Media contact

Clare Morgan
UNSW Media & Content
(02) 9385 8920

UNSW Sydney students and audiences were challenged to consider the moral implications of the world’s refugee crisis, and other complex ethical issues, during a visit by Harvard University political philosopher Professor Michael Sandel.

Professor Sandel explores some of the most hotly contested moral and political issues of our time. He has been described as “the most popular professor in the world” (Die Zeit), “the most relevant living philosopher” and a “rock star moralist” (Newsweek).

“What’s become of the truth” was the topic of the weekend and Professor Sandel triggered a lively discussion on Friday with students from the Faculty of Arts & Social Sciences about how Australia’s response to migrants compared with other countries.

He continued to engage audiences at a special event at Carriageworks on Saturday for UNSW’s new Centre for Ideas, before taping a rare solo appearance on Sunday for the ABC TV’s Q&A program, to be broadcast tonight at 9.35pm AEDT. On Q&A he will be preceded by Bill Gates, who was interviewed in a special Q&A program on global health and development hosted by UNSW in 2013.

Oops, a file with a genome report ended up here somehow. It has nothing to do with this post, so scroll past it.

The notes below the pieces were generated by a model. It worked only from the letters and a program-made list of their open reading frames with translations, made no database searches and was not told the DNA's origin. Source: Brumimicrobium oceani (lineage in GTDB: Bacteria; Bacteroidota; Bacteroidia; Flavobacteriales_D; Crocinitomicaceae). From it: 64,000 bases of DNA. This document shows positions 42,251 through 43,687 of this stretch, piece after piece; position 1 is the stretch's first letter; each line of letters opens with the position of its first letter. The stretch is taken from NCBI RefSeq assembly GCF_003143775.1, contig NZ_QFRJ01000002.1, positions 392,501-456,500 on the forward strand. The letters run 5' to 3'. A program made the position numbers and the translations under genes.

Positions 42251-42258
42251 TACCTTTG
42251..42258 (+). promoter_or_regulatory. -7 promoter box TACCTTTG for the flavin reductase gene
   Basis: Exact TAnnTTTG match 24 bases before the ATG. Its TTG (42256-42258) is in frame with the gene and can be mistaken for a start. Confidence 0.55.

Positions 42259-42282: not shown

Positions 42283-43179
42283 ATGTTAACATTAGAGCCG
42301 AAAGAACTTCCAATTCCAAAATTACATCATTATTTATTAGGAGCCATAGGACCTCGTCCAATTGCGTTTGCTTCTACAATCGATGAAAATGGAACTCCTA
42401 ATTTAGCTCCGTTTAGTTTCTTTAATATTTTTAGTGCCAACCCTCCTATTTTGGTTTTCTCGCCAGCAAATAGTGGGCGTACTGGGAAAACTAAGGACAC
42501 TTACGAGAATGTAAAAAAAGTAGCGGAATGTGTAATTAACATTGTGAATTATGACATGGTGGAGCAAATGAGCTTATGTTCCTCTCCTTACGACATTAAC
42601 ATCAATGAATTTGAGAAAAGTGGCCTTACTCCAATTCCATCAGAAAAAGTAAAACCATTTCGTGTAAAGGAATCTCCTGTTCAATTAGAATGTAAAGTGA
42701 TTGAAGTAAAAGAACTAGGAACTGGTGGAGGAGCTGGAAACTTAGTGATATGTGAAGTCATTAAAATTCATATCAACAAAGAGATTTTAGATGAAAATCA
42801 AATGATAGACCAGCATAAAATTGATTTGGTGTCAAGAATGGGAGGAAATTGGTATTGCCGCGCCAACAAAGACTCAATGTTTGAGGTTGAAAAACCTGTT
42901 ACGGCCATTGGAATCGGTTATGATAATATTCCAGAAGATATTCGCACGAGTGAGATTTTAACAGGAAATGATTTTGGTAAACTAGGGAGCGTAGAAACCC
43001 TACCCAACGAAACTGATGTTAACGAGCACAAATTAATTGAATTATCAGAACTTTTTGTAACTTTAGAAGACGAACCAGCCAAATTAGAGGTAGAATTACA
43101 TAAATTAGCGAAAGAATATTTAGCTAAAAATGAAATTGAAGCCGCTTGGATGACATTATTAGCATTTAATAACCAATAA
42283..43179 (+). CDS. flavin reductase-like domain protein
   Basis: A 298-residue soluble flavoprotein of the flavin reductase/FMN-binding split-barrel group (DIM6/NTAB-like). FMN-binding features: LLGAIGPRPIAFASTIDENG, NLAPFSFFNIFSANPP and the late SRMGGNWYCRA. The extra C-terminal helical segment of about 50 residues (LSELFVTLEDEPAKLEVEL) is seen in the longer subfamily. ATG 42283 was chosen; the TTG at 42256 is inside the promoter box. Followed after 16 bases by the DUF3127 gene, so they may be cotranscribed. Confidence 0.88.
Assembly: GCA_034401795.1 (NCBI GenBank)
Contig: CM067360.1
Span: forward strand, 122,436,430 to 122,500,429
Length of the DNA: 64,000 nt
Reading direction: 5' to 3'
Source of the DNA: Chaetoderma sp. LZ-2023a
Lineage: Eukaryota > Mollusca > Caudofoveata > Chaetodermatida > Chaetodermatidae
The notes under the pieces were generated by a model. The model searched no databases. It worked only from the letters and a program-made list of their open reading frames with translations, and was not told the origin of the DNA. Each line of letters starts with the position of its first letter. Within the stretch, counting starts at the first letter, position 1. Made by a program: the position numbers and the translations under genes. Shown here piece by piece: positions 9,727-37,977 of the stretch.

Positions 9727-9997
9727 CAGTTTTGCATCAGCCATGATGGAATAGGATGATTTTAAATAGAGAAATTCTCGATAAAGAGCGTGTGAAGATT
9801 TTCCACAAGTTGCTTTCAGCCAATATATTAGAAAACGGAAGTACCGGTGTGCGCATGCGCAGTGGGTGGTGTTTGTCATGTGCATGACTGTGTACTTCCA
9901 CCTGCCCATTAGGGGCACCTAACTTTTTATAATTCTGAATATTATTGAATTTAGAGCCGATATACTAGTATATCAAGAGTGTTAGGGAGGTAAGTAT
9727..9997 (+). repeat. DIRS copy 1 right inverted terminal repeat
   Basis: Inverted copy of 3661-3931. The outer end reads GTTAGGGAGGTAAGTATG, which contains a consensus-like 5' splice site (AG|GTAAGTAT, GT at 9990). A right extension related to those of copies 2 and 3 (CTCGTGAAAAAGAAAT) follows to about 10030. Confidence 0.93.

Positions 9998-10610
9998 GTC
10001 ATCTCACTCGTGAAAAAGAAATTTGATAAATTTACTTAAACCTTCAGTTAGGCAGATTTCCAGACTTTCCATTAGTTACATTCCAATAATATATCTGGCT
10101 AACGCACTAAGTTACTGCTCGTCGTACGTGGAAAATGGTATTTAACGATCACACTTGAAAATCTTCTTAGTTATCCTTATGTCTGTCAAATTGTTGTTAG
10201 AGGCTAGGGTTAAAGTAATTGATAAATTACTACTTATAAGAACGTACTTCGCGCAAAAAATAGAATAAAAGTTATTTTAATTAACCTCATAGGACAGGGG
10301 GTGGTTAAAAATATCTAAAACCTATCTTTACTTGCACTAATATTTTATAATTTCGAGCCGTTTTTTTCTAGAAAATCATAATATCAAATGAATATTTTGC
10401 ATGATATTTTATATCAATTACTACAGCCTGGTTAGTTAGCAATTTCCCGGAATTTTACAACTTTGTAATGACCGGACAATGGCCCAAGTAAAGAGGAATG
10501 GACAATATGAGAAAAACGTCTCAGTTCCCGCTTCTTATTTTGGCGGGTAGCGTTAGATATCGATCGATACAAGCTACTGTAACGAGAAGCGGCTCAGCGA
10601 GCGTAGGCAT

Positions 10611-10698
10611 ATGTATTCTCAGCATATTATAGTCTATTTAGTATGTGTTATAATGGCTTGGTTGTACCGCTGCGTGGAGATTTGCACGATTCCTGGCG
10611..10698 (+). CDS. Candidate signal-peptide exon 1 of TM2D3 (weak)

During filming for Q&A, the ABC studio was packed with an audience that included students and members of the University community. During tonight’s program host Tony Jones and Professor Sandel will discuss topical issues including the Trump presidency, populism and threats to democracy.

At the one-off Centre for Ideas event, Professor Sandel put truth under the knife, working through a series of problems in conversation with an attentive audience. Discussion ranged from weapons of mass destruction and privacy breaches, to philosopher Harry Frankfurt’s definition of “bullshit”.

A theme in all Professor Sandel’s talks during his visit was the importance of creating opportunities for citizens to reason together about complex and difficult issues.

Professor Sandel’s popular course “Justice” was the first Harvard course to be made freely available online and on television. It has been viewed by tens of millions of people around the world, including in China, where he was named the “most influential foreign figure of the year” (China Newsweek).

He has been a visiting professor at the Sorbonne, delivered the Tanner Lectures on Human Values at Oxford, and given the Kellogg Lecture on Jurisprudence at the US Library of Congress. He received his doctorate from Oxford University, where he was a Rhodes Scholar, and is a member of the American Academy of Arts and Sciences.

Professor Sandel's lecture tours have taken him across five continents and packed such venues as the Sydney Opera House, St. Paul’s Cathedral (London) and an outdoor stadium in Seoul (S. Korea).